The NMW: a menace to youth?
We said that if you bring a min wage, one which continually rises above general wage inflation, then you will get to a point where it does severely crimp employment prospects. And it will be first evident among the young, untrained and untried.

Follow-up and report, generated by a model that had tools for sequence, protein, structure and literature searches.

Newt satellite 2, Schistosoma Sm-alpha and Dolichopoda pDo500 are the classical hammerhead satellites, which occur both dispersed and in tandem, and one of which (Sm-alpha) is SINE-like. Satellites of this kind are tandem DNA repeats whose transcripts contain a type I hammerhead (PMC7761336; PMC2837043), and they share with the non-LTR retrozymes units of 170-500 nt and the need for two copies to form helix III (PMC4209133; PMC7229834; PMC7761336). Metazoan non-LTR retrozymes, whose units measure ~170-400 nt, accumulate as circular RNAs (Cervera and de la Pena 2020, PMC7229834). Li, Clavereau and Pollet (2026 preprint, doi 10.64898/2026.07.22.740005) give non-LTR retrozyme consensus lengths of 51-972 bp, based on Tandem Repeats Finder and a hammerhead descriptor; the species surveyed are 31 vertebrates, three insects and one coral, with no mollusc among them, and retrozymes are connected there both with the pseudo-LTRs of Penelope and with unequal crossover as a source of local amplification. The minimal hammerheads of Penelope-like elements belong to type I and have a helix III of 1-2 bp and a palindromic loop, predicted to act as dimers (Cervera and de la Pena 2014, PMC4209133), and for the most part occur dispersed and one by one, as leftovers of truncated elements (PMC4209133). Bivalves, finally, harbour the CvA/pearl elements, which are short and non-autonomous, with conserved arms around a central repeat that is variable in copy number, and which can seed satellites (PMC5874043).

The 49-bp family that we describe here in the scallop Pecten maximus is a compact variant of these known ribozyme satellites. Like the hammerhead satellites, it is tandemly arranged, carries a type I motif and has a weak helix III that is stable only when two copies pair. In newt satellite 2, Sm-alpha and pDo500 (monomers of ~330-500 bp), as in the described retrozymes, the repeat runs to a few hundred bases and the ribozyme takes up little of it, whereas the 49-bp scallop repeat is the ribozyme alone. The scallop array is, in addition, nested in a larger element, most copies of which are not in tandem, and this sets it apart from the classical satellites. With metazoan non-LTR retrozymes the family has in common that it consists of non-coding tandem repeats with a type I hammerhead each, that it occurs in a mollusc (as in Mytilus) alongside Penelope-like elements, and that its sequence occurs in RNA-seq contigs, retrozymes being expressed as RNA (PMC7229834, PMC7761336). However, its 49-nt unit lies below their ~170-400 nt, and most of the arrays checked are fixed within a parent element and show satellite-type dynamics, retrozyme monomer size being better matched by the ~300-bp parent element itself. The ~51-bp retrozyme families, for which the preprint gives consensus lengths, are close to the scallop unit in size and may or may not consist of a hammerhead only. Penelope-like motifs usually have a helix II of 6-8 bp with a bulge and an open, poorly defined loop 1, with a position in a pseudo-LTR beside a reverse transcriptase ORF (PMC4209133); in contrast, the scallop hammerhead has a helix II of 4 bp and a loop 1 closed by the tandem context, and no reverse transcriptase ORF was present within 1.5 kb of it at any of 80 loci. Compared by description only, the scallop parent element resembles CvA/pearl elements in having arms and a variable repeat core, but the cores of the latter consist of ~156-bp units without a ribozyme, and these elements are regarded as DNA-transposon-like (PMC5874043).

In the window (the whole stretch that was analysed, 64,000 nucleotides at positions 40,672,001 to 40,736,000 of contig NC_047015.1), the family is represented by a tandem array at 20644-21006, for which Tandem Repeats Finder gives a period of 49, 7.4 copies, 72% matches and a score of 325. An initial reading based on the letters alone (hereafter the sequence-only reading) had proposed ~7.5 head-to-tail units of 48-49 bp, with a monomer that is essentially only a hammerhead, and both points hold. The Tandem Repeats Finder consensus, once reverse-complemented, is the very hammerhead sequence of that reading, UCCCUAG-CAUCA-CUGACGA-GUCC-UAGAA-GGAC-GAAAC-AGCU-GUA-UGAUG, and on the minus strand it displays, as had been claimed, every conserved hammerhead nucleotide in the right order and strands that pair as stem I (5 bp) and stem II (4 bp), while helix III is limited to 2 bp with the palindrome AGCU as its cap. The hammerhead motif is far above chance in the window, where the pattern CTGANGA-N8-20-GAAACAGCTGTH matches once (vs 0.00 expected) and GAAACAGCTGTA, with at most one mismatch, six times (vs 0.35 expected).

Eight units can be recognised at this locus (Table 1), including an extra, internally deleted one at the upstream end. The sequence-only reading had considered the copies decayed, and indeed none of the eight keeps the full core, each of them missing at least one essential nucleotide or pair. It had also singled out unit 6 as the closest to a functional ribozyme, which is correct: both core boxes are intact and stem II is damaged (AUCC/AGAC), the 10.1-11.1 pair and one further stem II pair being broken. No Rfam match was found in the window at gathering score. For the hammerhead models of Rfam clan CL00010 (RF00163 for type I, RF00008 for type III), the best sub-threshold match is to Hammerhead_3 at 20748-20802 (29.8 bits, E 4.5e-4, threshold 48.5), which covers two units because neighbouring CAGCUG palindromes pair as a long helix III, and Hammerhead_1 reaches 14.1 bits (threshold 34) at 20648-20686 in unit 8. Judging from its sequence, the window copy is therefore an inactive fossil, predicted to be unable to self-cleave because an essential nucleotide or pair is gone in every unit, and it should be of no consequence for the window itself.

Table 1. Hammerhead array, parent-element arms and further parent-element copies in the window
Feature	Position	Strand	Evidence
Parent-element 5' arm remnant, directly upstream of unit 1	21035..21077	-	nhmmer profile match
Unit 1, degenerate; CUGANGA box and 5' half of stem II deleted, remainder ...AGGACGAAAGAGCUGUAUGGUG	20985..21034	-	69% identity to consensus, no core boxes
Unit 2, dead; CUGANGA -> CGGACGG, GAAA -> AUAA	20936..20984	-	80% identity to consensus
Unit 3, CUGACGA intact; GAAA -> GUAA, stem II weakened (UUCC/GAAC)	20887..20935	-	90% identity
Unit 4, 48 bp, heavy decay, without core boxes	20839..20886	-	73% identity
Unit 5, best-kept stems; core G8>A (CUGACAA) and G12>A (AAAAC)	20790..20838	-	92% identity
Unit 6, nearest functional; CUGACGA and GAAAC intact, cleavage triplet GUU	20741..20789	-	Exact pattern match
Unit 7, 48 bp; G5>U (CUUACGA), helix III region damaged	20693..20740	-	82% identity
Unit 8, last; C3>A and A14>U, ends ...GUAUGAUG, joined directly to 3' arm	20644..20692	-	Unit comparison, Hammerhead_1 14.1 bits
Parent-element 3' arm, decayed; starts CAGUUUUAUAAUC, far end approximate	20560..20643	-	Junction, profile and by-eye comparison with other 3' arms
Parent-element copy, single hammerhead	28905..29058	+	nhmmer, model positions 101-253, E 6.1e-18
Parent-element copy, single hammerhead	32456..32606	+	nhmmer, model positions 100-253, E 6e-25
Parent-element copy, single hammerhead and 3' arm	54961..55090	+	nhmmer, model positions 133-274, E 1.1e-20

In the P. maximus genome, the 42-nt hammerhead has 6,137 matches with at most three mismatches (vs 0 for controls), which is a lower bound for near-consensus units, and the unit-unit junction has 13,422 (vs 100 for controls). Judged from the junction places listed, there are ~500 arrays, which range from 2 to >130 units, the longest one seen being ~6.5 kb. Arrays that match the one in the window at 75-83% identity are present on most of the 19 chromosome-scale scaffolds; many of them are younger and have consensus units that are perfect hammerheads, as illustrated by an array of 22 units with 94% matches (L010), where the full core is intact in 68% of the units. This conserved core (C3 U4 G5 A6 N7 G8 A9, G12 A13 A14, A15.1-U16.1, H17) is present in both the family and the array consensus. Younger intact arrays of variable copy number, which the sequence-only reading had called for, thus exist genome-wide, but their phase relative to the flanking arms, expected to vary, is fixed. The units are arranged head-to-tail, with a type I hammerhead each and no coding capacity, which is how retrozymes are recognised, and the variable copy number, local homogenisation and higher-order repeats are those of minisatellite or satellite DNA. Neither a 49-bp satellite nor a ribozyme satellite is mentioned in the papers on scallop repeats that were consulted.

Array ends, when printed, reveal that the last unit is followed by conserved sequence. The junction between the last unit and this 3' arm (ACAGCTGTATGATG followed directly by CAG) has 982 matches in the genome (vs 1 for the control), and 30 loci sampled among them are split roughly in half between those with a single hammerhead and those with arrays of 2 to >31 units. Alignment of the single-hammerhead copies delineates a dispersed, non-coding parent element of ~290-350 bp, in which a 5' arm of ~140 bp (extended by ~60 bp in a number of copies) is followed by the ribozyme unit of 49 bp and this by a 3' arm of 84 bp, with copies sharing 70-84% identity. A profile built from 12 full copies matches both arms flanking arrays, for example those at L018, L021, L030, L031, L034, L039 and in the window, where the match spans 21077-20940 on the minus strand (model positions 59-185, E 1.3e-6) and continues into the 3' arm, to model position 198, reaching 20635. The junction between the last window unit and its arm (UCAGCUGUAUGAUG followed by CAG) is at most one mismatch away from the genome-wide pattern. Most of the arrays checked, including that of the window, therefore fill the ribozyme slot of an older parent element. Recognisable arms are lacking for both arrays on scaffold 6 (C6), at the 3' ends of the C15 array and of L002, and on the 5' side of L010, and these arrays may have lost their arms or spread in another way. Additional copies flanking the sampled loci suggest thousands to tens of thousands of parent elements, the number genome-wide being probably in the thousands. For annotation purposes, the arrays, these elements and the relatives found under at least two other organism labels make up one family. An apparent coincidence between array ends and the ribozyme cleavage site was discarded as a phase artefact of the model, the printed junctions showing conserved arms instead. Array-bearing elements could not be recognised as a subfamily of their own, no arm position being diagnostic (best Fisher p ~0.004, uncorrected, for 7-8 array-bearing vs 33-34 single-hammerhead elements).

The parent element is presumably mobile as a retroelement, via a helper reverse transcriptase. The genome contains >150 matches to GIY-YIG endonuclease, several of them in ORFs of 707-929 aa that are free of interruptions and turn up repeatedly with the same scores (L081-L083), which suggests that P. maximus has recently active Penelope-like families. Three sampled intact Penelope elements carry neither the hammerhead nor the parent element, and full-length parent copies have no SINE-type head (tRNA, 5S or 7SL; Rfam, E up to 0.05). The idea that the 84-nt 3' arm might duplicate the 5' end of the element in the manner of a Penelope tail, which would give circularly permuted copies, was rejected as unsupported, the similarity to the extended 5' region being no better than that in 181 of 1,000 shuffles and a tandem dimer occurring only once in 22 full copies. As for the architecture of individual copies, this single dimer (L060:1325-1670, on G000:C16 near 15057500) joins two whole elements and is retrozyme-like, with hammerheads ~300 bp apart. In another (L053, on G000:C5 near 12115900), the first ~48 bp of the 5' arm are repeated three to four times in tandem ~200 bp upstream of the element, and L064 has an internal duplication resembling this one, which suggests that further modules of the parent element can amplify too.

Now, let’s leave aside the fact that the Commission has not done anything as vulgar as actually present new facts here; a chat to a Torygraph reporter does not count as evidence. And let’s also leave aside the fact that others have found the link between the NMW and youth unemployment to be surprisingly elusive.Let’s instead do some simple maths. There are 4.06 million 18-24 year-olds not in full-time education. 2.77 million of these are in work, and 1.29m - 31.8% - are unemployed or inactive. This means that to get the employment rate up to 80% for this group would require an increase in employment of 17.3%.How could such a rise be achieved by abolishing the NMW? There are only two possibilities: either the abolition allows wages to fall a very long way; or the price elasticity of demand for young workers is very high. The former seems unlikely. I suspect that even if people did turn up to work for derisory pay, the effort they put in would be minimal. Remember, it’s not just laws that set the minimum wage - social norms do too. And it’s possible that these put a floor under wages that isn’t far below the legal one.The latter is also doubtful. High elasticities usually exist only where there are close substitutes. Yes, it’s likely that an average 20 year-old is a close substitute for an average 21-year-old, and this will generate a high price-elasticity of demand for 20-year-olds. To this extent, abolishing the youth NMW might expand youth employment a lot. But the corollary of this is that the youth NMW is currently having the opposite effect - of supporting demand for 21-year-olds. What’s more, this is only true for averages, and we’re not dealing with averages here. As Tim says, the youth NMW bears heaviest upon the least skilled, the “untrained and untried.” But these, by definition, have fewer close substitutes and so the price elasticity of demand for them is likely to be low. These thoughts lead us to the conclusion - that even if we do live in the Econ 101 world in which lower prices of youth workers raise demand, it is improbable that abolishing the NMW alone would create anything close to full employment among the young.There are many other things wrong with the youth labour market: lack of demand, lack of skills, poor matching between skills and vacancies, whatever. The NMW is a lesser problem. Blaming it for youth unemployment is an example of what I’ve called the “small truth, big error” rhetorical trick. The notion that scrapping minimum wages is sufficient for full employment of young people is fancifully utopian.